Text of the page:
The concept of positive economics
The basis of the scientific application of positive economics is looking at behavioral finance (a study that explains the effect of the psychological factor on the behavior of investors, when their choice is rational, and the subsequent effects on markets), economic relations based on facts, and the importance of knowing the causes and consequences; To develop economic theories.
Behavioral economics follows a hypothesis based on the psychological factor of the consumer, and what drives it to rational financial choices based on the information around it, and we can express the positive economy as an analytic study of facts and ideas based on facts, while normative economics is the study that determines what is the best position of the economy Or the situation it should be.
Positive economy data is tested, supported by statistics.
Standard economy data consist of value judgments.
Positive economics and normative economics are used together when developing policies.
Test positive economic theories
Conclusions from the positive economic analysis can test and validate its data, for example, we can predict consumer savings if the interest rate rises, based on previous experiences of the consumer’s reaction to this situation, the analysis is objective in nature, in contrast to data and normative theories that represent personal opinions. Most of the information provided by the media include a mixture of positive and normative economics assumptions.
Positive economic theories do not provide any advice or instructions, for example, the theory assumes that one of the causes of inflation is the state printing more money, and it supports this with facts and an analysis of the behavioral relationships between inflation and increasing the money supply, but it does not oblige you to follow a specific policy regarding inflation and printing money.
Theories of positive and normative economics together provide a clear view of public policies. Because it includes facts and takes into account analyses based on personal perspectives. It is preferable to understand the basics of positive economics regarding behavioral financing and attention to the causes of events, taking into account the normative economy and its value judgments when making political decisions.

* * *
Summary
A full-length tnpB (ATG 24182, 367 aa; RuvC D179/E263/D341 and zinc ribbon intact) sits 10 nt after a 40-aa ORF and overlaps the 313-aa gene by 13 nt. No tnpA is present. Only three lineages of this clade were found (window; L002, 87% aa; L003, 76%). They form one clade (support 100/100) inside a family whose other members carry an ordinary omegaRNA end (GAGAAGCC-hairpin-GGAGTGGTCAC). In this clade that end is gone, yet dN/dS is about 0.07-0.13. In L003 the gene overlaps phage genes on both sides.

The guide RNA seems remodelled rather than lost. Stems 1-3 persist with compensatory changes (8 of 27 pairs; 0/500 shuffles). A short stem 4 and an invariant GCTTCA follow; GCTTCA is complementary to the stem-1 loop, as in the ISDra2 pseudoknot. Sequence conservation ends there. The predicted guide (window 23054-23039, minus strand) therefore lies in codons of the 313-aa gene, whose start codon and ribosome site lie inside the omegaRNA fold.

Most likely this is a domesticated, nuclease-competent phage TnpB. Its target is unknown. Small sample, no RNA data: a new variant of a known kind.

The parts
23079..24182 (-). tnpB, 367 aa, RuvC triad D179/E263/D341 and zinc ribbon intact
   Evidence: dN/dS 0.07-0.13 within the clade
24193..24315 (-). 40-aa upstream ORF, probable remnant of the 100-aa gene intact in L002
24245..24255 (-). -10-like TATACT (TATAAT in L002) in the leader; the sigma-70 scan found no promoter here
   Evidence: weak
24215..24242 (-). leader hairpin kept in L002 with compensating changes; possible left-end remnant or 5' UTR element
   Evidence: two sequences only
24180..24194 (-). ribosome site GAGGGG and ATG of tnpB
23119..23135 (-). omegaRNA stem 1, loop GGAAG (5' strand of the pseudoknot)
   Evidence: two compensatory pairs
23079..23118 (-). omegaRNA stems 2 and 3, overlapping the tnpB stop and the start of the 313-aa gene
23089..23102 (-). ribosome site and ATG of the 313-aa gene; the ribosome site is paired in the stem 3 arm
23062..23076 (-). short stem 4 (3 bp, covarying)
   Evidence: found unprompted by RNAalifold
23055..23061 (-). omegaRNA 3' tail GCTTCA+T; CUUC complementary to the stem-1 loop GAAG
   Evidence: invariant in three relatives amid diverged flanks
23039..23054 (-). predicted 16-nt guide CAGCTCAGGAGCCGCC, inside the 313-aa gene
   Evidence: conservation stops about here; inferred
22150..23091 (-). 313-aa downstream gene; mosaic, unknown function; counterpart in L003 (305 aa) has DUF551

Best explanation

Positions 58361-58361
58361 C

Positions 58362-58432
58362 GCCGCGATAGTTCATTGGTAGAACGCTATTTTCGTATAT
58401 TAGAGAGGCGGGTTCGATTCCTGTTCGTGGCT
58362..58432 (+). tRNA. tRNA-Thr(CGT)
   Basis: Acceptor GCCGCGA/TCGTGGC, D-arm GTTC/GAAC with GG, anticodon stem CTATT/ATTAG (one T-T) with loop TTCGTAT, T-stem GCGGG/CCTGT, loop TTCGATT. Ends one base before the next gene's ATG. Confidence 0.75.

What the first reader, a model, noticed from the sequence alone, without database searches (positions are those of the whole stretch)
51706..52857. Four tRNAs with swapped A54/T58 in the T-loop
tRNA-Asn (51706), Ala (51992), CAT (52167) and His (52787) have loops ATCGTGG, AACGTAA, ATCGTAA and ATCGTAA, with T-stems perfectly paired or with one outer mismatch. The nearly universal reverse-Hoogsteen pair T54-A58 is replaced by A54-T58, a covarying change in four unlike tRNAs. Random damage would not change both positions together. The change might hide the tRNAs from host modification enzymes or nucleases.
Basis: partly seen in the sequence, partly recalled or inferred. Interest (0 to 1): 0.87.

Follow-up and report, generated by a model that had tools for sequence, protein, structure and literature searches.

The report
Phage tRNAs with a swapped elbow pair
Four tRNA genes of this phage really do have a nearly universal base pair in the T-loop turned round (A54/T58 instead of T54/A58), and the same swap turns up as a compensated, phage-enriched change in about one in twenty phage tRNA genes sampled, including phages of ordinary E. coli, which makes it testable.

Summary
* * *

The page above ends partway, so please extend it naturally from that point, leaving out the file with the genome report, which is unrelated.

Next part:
An example of positive economics from reality
Movement 15 is a national movement in the United States, which aims to raise the minimum wage to $ 15 an hour (what can be considered within the value judgments of the normative economy), participants in this movement see that $ 15 is a good minimum wage, while opponents see the opposite.
There has been a lot of research on the effect of increasing the minimum wage, but there are no conclusive conclusions about whether raising the minimum wage will affect positively or negatively, however, there are specific details within studies that can be considered examples of positive economics.
The Seattle ordinance
In 2015, the city of Seattle passed a local law to gradually increase the minimum wage for city workers, so workers would get $ 15 per hour worked by 2021 and possibly before that, depending on specific job details, since that time, there have been two major studies on the impact of this. Law:
1. The California study
Berkeley University of California researchers focused their study on restaurant workers and found that the more the minimum wage in Seattle increased by 10%, the restaurant workers ’profit increased by 2.3%, this data is a good example of a positive economy, but their conclusion of how the minimum increase has succeeded Wages are not considered a positive economy, as there are insufficient facts for this consideration.
2. Washington study
While California researchers focused their studies on restaurant workers, the University of Washington researchers looked after unemployment. Researchers at Washington University did not recognize the success of increasing the minimum wage, in addition to not considering it as an example of a positive economy, and found that when increasing the minimum wage, the number of workers in the low-income bracket decreased by 1%, with the number of hours worked gradually reduced.
While this specific data represents a positive economy, the researchers' conclusions remain questionable. Because the study did not explain the effect of the rest of the factors, such as the effect of increasing the minimum wage on highly-paid jobs, which would of course have affected the data.